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Carbon Capture Project Gets First U.S. PPA; Masdar Eyes CDM Credits

CPS Energy of San Antonio has signed the nation’s first power purchase agreement for electricity from a commercial-scale carbon capture project.

The utility, the largest one in the U.S. owned by a municipality, will buy about 200 MW of power from the Texas Clean Energy Project, a coal-based power plant with carbon capture planned for just west of Midland-Odessa.

According to the Department of Energy, the 400-MW plant will be a first-of-its-kind Integrated Gasification Combined Cycle (IGCC) poly-generation facility, believed to be the cleanest coal-fueled power plant operating anywhere in the world. TCEP is capable of capturing 90 percent of the carbon dioxide it produces, as well as 99 percent of sulfur dioxide, 90 percent of nitrogen oxide, and 99 percent of mercury, the DOE says.

Of the nearly 2.9 million metric tons of CO2 that will be captured annually at the TCEP plant, approximately 83 percent will be used for enhanced oil recovery in the West Texas Permian Basin, which will both prevent the greenhouse gases from entering the atmosphere, and will enable more oil to be produced. The remainder produces urea, a high-value product.

The $2.4 billion plant will receive $450 million in funding from the DOE’s Clean Coal Power Initiative; of this, $211 million comes from the American Recovery and Reinvestment Act of 2009. The facility is expected to be fully operational in 2015.

Coal-fired plants account for about half of the electricity generated in the U.S. Despite its many programs pushing for the development and commercialization of renewable power, the DOE says that it expects coal to play a dominant role in meeting the country’s future energy needs.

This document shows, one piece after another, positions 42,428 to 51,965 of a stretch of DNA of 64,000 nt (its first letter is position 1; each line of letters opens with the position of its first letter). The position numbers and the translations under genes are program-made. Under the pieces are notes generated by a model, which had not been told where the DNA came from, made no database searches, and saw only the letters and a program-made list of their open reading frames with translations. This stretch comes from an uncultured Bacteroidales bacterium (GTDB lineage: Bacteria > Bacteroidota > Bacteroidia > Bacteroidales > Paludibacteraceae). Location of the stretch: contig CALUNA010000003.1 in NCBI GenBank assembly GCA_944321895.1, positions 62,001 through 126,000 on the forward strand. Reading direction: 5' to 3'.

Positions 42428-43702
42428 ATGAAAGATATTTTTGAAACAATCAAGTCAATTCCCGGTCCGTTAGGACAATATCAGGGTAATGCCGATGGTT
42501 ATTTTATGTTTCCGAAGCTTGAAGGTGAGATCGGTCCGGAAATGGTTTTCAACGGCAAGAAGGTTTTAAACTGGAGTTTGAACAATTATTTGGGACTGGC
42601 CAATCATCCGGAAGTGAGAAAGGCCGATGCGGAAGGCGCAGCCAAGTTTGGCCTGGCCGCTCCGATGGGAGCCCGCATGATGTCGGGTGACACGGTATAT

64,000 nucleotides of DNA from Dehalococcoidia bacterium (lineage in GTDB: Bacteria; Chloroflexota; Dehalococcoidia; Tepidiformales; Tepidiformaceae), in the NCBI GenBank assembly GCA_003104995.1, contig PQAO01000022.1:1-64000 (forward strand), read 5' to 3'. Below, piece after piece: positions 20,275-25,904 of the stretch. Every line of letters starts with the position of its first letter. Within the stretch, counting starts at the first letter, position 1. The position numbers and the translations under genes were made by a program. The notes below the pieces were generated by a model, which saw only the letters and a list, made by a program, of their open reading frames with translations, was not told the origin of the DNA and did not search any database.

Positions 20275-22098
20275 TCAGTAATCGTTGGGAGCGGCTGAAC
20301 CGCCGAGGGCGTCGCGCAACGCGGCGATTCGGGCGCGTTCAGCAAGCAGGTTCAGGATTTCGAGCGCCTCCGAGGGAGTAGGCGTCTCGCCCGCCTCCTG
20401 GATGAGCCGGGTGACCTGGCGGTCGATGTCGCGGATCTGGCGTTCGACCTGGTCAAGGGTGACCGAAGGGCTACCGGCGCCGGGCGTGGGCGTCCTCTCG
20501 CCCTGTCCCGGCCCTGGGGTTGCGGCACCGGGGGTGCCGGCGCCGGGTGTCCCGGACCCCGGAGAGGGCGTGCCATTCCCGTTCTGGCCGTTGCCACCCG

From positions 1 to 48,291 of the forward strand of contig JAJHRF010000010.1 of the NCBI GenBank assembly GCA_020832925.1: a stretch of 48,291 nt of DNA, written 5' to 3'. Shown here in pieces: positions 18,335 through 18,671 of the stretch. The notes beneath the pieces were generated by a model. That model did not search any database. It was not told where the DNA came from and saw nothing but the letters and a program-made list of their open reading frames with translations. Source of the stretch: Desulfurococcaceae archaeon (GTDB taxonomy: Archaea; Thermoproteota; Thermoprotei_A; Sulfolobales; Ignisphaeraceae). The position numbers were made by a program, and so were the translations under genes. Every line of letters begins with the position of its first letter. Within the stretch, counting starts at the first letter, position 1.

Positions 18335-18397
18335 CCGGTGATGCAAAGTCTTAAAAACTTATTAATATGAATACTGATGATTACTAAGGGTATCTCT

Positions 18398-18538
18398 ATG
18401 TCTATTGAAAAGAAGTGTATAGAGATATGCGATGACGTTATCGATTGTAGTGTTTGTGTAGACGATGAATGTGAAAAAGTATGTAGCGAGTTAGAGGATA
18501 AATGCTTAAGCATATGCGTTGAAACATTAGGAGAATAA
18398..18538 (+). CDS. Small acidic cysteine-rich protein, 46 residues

In other carbon capture news, Masdar Carbon and the Abu Dhabi National Oil Company are proceeding to tender on a CCS facility adjacent to the Emirates Steel complex at Mussafah, Abu Dhabi. Masdar also said it will explore registering a CCS project under the U.N.’s Clean Development Mechanism, which could make it the first such project to be approved for trading on that carbon market, Point Carbon reports.

The Mussafah project would capture nearly 800,000 tons a year of CO2-rich stream, prior to emission from the Emirates Steel Phase 1 and Phase 2 lines. The CO2 feed stream from the Emirates Steel plant, containing 90 percent CO2, would then be compressed into a dense phase, delivering a CO2 stream of over 98 percent purity through 50 km of the pipeline network, to be injected in an onshore field operated by the Abu Dhabi Company for Onshore Oil Operations.

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